New York

A Havurah Grows In Brooklyn

12/16/1999 - 19:00
Staff Writer
'Chag sameach," said the rabbi, standing at a baby grand piano, surrounded by a living room packed with children and parents. "Happy holiday!" "Chag sameach," shouted the three dozen kids, seated on the floor around the rabbi. It was the Sunday night of Chanukah. The rabbi was Miriam Ancis, 1987 graduate of Hebrew Union College. The site was a brownstone in the Fort Greene neighborhood of Brooklyn, downtown, in the shadow of Williamsburgh Savings Bank.

A Place For Everyone

04/06/2000 - 20:00
Staff Writer
By the time Jonathan Nierenberg walked into the Young Israel of Woodmere one recent Saturday morning for shacharit in the main sanctuary, the men's section, seating about 375, was nearly full. He was a few minutes late: his 3-year-old son, Benji, had tripped on the way. In the coatroom Nierenberg exchanged Shabbat greetings with congregants arriving for a second shacharit down the hall in an already crowded study hall: and with members coming for the "Not Just for Beginner" introductory service in the gymnasium/social hall.

The Lie That Nourishes

09/23/1999 - 20:00
Staff Writer
In an unnamed Polish ghetto in 1943 or 1944, a former potato pancake restaurateur is feeding the Jews hope instead of food. Jakob Heym has (he says, falsely) a hidden radio, punishable by death at Nazi hands. He fabricates and whispers, at his forced labor job, reports of the advancing Red Army, boosting the spirits of the doomed ghetto residents. And he tells Lina, an 8-year-old orphan he has surreptitiously taken under his care, happy-ending fairy tales. Jakob is a liar. And Robin Williams, the master of thespian overkill, is an understated Jakob.

Holocaust Humor, Take 2

09/16/1999 - 20:00
Staff Writer
The Yiddish accent, some Jewish jokes, Jewish history at his fingertips: Robin Williams plays the role of a Jew well. Ask him about his latest movie, in which he plays one Jewish role (Jakob Heym, ghetto prevaricator) and he will tell you about Jews in Poland in 1997.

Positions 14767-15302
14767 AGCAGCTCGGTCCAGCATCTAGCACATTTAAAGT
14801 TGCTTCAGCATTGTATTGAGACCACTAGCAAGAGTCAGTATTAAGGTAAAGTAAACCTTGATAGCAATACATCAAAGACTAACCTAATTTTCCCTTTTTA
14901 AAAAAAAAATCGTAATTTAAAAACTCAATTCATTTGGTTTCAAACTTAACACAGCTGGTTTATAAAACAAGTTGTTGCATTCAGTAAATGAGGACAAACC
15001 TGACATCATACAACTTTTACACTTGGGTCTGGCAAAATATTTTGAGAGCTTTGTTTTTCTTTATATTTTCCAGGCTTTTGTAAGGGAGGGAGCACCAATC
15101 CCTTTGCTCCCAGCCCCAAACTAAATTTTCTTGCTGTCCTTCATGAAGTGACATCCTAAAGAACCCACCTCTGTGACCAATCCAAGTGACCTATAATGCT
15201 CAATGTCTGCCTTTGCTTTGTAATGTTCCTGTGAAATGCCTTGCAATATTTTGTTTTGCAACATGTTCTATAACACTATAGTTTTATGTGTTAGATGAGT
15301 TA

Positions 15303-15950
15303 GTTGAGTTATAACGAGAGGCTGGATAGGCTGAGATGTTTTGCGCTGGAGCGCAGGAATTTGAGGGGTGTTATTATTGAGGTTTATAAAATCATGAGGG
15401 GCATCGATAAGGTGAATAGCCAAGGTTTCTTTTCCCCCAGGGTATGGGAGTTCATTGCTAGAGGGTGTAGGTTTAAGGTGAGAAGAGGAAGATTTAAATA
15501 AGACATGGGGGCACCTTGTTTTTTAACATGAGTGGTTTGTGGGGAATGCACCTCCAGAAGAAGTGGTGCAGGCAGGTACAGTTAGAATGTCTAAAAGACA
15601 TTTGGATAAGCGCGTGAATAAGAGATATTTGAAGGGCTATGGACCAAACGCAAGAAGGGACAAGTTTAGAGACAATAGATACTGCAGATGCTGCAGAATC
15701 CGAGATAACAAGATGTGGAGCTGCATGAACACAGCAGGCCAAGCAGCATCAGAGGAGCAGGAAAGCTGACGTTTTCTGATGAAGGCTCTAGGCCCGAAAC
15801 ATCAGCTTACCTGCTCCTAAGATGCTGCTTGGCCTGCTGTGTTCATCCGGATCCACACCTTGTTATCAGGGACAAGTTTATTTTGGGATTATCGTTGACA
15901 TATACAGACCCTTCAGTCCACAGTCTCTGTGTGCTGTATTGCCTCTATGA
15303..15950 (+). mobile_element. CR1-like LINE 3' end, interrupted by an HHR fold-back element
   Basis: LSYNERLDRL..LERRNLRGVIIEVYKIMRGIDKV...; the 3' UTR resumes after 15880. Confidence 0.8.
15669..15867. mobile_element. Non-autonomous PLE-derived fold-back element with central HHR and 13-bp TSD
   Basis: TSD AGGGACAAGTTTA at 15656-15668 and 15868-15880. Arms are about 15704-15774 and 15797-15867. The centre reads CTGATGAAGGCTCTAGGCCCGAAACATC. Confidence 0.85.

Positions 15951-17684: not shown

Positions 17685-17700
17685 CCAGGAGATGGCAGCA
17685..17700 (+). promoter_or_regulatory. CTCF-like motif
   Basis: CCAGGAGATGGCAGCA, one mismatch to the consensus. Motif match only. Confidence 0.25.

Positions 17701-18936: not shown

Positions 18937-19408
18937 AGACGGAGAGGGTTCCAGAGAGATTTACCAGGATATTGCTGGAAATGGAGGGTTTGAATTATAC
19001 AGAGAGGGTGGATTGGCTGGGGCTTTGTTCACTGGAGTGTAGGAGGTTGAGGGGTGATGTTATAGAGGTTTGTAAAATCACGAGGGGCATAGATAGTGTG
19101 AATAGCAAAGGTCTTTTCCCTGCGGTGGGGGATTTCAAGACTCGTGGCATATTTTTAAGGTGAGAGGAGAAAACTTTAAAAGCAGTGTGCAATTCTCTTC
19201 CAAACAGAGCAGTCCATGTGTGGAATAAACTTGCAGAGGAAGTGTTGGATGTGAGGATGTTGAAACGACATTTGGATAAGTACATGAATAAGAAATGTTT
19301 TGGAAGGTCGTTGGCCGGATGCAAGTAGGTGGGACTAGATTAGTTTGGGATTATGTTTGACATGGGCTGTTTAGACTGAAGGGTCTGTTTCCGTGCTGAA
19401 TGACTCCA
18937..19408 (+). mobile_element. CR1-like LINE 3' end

JNF Exec Samuel Cohen, 66

09/16/1999 - 20:00
Staff Writer
Rabbi Samuel Cohen, executive vice president of the Jewish National Fund for 20 years, died this week of pneumonia in Mount Sinai Hospital. He was 66. A resident of Lawrence, L.I., Rabbi Cohen was credited with enhancing the image of JNF before leaving in 1997 in the wake of a controversy over how the charity was spending its money. "He was a dedicated Jew ... a very good administrator," said Sam Bloch, former director of the World Zionist Organization publications department. "There is hardly any Jewish charity he did not support."

High, Holy & Hip

09/02/1999 - 20:00
Staff Writer
Harry met Sally there. Avant-garde artists exhibit their paintings on its walls. Haute couture models sashay on its fashion show runways. And next week, for the first time, the shofar will sound in the Puck Building, a Manhattan landmark in SoHo. Aish New York, the local branch of the Jerusalem-based Aish HaTorah yeshiva, will host High Holy Days beginner's services in one of the building's ballrooms.

Moscow Rabbi Inspired By U.S. Outrage

08/19/1999 - 20:00
Staff Writer
The chief rabbi of Moscow, in the United States during the shooting attack at a Jewish community center near Los Angeles last week, was distressed by the anti-Semitic incident, but encouraged by the forceful reaction of American political leaders. Russian leaders are silent about recent outbreaks of anti-Semitism in Moscow, he says.

Web Of Roots

08/12/1999 - 20:00
Staff Writer
Afew dozen people showed up when Bruce Kahn gave his first speech on on-line Jewish genealogical research in 1993. The setting was the annual Conference on Jewish Genealogy, sponsored by the Jewish Genealogical Society (JGS). Kahn, then a research scientist at Eastman Kodak in Rochester, N.Y., and a founder of the city's JGS branch, predicted that the Internet would revolutionize genealogical research. "People thought I was crazy," he says.

Brighton Beach Memories

08/12/1999 - 20:00
Staff Writer
It's a thank you that has lasted 55 years. In 1944, the Niedziolka family, Catholics, who lived on a small farm in eastern Poland, took in four members of the Charatan family and two other escapees from a nearby concentration camp, all Jews. For 14 months, until the Russian Army came, the Niedziolkas fed the six and protected them in a hidden bunker under a barn.

Rabbi David Seligson, 92

08/12/1999 - 20:00
Staff Writer
Rabbi David Seligson, former spiritual leader of Central Synagogue in Manhattan and a leading figure in the Reform rabbinate, died this week in Manhattan. He was 92 and lived the last two years at the Jewish Home and Hospital in Manhattan. Rabbi Seligson served at Central Synagogue for 25 years, becoming rabbi emeritus upon his retirement in 1972. After serving as an Army chaplain during World War II, he joined Central Synagogue in 1945. He became senior rabbi in 1950.
Syndicate content